Last month, Horse Tales discussed buying your first horse and how to go about finding the “right” horse. Now that the horse is purchased and the dust has settled, the new horse keeper is finding out there are a lot of responsibilities that come along with it!

The new horse, whether a youngster or oldster, will need to be introduced to its new surroundings in order to feel safe and to give you peace of mind as well. It’s important to spend as much time as possible with your new horse right away to establish a bond that will grow through the years.

Take time to show the horse all around the barn where it will be kept, giving it enough time to observe, smell and explore its new home. Horses operate very differently from people, and things that we take for granted as ordinary objects may appear fearsome or frightening to them. A log with a prominent round knothole, a culvert with a visible opening or even a spare tire can spook a fearful or nervous horse – the round hole can appear as a giant mouth belonging to a horse predator.

Be sure your fencing and turnout area is in tip-top shape, with no broken, loose or downed sections of fence. Remove branches or other obstructions and pick up any junk or stray pieces of equipment that might cause injury to a galloping horse. Your horse will act and react differently in a new location until they feel comfortable in the new setting.

Walk the fence lines with your horse, stopping to examine gates, hay feeders, watering and feeding stations or anything that the horse may encounter on its own that it should be familiar with. Fences should be readily visible; barbless wire, electric or high tensile wire fences should be marked with flagging or other visible markers to prevent an excited horse from running through.

Turnout pastures or paddocks should be well drained, especially near hay stations, feeding and watering areas, to prevent the horse from standing in mud or muck or slipping on icy spots once cold weather sets in. Provide a salt block near the feeding/watering station (as well as in the stall) if the horse will be turned out during the day.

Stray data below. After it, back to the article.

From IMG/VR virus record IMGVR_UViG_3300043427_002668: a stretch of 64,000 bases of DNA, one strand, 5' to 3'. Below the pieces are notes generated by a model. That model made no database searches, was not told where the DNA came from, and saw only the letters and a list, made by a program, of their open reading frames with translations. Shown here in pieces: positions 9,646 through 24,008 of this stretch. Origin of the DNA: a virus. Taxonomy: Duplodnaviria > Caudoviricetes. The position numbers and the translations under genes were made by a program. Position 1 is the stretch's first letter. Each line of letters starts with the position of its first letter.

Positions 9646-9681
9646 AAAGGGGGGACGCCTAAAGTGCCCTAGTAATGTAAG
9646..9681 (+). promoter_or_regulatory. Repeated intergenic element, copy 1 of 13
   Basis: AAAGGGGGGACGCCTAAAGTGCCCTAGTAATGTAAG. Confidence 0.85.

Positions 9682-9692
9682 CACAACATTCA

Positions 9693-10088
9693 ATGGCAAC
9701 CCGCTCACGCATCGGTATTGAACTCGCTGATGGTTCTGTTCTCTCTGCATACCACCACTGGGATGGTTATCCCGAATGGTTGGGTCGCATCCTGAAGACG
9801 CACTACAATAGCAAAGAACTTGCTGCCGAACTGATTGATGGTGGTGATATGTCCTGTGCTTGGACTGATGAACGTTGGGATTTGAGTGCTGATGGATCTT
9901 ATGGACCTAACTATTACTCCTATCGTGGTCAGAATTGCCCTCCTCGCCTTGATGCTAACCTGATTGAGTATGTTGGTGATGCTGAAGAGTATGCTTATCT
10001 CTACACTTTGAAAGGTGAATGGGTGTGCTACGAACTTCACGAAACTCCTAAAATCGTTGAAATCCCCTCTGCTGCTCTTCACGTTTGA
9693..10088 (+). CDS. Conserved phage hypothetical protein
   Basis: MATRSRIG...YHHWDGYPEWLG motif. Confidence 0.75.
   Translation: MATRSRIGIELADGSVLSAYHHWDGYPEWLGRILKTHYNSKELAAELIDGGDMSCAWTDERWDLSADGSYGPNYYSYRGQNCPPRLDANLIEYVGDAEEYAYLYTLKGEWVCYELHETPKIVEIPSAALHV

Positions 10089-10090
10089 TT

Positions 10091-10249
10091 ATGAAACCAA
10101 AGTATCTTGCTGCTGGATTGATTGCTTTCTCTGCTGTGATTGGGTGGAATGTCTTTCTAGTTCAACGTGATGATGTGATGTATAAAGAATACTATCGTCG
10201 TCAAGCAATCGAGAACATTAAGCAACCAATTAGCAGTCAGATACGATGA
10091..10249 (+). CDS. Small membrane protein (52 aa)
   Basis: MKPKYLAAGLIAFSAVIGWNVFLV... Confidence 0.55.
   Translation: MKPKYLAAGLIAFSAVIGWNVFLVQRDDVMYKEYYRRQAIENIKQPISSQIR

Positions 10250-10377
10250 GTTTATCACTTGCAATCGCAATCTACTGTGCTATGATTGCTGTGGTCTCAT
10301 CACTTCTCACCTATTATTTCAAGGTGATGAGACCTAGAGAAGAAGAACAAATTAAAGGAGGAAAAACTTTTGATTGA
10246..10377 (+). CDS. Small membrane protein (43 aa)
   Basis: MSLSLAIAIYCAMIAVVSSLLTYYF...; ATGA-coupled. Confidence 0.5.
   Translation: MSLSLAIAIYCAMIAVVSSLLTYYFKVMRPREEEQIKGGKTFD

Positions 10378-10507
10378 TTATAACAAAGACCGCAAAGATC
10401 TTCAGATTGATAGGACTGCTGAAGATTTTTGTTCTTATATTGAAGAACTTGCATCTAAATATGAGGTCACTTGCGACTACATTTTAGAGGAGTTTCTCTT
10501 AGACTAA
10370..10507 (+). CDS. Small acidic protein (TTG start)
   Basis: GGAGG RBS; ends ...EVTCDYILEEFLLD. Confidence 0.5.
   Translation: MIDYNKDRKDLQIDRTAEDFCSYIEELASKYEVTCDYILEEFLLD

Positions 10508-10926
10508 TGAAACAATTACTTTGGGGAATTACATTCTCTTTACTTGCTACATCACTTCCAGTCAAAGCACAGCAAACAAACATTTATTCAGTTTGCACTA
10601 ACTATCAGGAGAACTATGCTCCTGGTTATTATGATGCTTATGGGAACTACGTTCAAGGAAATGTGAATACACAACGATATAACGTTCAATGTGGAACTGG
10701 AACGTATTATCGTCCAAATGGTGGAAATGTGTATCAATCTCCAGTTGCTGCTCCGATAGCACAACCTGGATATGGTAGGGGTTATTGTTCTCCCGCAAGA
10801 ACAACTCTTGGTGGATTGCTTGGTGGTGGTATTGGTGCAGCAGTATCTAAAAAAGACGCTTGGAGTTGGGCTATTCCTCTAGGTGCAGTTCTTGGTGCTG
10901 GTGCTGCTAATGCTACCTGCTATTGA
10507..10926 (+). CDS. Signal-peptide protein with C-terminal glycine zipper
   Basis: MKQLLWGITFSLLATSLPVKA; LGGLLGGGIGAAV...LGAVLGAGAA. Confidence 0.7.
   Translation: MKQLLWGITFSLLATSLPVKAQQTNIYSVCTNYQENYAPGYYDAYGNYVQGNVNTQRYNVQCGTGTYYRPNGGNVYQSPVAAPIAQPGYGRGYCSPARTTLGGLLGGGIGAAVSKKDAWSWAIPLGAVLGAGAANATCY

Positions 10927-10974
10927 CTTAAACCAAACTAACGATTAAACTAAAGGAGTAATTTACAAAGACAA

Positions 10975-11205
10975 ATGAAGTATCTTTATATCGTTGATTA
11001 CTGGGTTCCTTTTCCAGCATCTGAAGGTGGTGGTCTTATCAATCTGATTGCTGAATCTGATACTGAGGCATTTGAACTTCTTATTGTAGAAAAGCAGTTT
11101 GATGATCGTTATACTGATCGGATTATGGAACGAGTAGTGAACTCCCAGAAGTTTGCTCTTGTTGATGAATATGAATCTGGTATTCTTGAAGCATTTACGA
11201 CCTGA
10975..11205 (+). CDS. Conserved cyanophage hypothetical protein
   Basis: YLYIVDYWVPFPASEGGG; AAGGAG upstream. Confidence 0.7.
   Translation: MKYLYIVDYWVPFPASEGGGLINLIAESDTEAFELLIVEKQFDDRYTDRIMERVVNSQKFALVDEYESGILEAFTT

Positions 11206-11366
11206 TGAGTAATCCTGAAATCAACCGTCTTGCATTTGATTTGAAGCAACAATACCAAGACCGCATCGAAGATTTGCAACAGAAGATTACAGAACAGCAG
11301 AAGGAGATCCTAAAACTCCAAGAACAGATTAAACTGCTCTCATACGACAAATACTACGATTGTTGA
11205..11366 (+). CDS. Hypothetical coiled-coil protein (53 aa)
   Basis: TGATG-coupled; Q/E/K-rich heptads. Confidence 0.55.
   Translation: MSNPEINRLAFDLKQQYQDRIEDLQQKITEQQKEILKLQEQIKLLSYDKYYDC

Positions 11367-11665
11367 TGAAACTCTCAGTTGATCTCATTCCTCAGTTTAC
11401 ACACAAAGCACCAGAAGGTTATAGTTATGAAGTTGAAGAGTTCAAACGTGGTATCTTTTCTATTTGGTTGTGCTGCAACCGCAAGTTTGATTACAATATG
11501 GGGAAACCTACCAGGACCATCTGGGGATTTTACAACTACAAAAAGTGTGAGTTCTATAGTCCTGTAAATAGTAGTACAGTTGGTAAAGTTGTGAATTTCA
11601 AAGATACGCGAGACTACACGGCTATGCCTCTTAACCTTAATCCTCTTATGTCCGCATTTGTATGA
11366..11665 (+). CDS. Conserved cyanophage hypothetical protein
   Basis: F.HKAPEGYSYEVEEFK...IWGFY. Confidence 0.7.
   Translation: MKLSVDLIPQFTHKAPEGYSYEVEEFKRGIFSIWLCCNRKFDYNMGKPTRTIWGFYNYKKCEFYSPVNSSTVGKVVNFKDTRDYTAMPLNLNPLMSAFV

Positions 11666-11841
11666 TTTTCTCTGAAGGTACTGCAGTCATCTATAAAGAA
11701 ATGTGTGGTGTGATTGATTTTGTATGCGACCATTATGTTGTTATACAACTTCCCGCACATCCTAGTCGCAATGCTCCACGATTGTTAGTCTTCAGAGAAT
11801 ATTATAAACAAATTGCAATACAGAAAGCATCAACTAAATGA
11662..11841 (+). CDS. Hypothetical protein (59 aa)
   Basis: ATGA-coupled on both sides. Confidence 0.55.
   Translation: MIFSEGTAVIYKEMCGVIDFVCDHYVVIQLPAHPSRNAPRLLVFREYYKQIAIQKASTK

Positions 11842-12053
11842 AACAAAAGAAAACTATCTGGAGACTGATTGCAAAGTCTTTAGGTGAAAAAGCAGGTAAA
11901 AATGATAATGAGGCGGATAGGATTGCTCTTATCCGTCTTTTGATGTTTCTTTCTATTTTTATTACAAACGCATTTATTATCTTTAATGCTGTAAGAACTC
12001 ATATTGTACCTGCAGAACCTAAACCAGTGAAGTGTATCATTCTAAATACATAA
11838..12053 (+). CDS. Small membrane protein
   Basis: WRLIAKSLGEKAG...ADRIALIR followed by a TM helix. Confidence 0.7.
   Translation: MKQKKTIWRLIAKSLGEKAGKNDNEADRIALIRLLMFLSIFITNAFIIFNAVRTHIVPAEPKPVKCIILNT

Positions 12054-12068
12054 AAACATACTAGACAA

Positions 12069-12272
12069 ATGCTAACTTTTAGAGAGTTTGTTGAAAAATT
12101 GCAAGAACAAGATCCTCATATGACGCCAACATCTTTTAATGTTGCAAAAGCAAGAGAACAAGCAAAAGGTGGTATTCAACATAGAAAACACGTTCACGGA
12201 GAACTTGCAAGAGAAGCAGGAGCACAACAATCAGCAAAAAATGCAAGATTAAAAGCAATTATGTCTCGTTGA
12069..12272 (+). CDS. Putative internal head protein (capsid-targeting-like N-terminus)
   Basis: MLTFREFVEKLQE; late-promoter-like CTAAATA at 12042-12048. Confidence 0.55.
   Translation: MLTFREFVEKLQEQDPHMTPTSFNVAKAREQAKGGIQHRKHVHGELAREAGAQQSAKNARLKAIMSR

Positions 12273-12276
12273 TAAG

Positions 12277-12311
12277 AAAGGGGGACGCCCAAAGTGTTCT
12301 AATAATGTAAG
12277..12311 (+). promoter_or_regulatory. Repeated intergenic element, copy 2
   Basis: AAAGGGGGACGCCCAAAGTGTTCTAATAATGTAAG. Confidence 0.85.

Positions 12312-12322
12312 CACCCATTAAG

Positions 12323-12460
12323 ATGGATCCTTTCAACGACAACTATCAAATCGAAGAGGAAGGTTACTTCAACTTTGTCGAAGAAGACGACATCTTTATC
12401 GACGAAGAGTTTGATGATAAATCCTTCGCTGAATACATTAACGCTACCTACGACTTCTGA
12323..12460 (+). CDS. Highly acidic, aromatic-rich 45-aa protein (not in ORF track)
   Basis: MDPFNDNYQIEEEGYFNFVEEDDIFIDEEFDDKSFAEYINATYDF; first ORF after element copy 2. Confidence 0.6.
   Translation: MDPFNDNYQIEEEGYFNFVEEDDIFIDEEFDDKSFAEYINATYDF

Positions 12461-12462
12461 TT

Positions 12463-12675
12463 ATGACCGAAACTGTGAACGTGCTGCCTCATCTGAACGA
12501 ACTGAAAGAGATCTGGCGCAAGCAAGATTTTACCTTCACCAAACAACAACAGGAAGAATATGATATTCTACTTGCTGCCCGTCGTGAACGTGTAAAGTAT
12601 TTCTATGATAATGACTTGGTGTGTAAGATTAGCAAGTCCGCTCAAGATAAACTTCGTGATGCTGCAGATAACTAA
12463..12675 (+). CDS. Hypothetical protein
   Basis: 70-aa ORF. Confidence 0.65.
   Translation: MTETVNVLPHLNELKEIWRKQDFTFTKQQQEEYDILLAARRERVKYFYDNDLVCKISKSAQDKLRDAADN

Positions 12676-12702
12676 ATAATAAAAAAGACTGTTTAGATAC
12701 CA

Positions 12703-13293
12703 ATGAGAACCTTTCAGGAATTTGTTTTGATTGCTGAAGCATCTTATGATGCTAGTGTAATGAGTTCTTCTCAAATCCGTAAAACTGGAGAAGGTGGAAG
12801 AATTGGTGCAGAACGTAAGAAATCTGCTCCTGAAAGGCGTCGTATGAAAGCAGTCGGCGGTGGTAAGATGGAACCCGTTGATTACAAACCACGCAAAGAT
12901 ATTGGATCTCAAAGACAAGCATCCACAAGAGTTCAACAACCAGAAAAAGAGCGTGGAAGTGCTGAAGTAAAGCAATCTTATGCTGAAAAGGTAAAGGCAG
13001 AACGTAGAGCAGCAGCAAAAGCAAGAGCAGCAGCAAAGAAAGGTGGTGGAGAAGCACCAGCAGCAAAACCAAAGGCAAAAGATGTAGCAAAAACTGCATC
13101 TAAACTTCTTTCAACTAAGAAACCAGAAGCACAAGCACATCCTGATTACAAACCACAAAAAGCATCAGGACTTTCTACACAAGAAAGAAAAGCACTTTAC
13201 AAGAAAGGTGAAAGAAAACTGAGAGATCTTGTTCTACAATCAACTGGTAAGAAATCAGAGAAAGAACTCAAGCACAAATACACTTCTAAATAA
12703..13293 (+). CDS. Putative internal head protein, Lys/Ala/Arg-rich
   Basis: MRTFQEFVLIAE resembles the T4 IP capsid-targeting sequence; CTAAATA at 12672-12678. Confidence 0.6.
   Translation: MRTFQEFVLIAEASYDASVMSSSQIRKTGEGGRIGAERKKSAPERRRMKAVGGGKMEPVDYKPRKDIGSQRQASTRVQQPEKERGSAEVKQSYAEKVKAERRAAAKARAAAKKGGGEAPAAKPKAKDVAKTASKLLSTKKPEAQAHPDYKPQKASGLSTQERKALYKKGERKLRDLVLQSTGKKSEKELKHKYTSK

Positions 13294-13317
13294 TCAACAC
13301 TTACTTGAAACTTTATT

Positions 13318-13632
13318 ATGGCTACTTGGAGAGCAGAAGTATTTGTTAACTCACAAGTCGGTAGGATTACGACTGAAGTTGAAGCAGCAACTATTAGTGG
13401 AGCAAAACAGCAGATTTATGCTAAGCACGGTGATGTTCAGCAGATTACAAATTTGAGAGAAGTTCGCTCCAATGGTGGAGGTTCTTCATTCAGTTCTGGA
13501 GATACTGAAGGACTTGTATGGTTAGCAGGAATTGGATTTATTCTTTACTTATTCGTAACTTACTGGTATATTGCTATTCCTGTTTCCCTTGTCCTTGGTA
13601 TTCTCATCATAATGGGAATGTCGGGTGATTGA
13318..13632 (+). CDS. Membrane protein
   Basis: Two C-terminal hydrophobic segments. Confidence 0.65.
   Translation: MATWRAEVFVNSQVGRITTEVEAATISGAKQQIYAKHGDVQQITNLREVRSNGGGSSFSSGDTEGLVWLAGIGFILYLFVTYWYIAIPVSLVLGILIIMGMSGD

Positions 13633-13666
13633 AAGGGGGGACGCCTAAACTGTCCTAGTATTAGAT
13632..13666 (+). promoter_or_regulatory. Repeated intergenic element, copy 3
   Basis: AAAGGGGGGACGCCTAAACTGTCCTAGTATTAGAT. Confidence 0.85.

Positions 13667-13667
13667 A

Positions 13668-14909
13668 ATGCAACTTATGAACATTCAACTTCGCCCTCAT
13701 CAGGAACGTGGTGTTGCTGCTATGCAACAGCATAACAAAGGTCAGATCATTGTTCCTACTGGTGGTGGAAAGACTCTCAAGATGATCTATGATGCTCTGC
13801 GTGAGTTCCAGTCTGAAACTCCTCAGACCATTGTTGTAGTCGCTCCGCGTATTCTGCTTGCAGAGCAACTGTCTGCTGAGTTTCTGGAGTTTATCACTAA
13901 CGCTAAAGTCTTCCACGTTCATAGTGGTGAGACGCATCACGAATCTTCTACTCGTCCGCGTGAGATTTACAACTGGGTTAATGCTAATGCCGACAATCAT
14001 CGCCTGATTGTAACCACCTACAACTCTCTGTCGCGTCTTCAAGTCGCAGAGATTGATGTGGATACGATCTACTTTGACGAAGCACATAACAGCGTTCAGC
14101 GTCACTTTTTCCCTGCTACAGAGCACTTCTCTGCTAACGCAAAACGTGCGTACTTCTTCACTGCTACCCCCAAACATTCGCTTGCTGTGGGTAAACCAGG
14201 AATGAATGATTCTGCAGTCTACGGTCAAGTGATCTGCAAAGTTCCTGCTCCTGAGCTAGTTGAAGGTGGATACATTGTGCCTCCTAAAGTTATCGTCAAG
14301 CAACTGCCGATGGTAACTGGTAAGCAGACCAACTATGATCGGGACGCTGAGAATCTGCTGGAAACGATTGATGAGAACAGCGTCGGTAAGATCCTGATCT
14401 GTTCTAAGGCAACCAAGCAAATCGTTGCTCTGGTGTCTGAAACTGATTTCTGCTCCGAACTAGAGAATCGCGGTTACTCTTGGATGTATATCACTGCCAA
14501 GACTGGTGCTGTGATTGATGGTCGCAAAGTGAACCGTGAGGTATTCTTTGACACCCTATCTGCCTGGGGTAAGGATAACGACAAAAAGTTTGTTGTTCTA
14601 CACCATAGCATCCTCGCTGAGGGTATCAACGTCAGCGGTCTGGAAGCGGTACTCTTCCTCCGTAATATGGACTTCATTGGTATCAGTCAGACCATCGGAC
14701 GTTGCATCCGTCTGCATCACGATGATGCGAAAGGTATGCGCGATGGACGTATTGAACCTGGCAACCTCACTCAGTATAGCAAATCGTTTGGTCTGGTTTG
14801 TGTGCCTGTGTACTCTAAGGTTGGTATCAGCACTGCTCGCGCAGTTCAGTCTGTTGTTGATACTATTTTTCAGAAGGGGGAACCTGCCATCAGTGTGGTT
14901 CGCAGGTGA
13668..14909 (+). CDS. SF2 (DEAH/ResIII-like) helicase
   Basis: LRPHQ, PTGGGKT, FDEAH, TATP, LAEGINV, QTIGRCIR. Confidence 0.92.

Once your horse is familiar with its new surroundings, it’s important to introduce them to any other animals it will be stabled with or come in contact with. If it’s another horse, be sure to introduce them slowly – ideally with a fence or barrier between them so that they can sniff each other and make eye contact without fear of being kicked or bitten. Take your time to introduce the new horse to others and go slowly if the reaction is not favorable.

Establish a regular time each day for feeding your horse and cleaning up after it. Horses need regular feed schedules and will look forward to their morning and evening feeding time. Be sure your horse has the proper type and amount of food for the amount of work it’s doing, as well as its age and body condition. A horse should be given enough hay and roughage (grass) to last all day – ideally, free choice. Adequate water is also a must – an average adult horse (1,000 lbs.) will need five to 10 gallons of fresh water a day, based on the amount of work it’s doing, outside weather conditions, etc.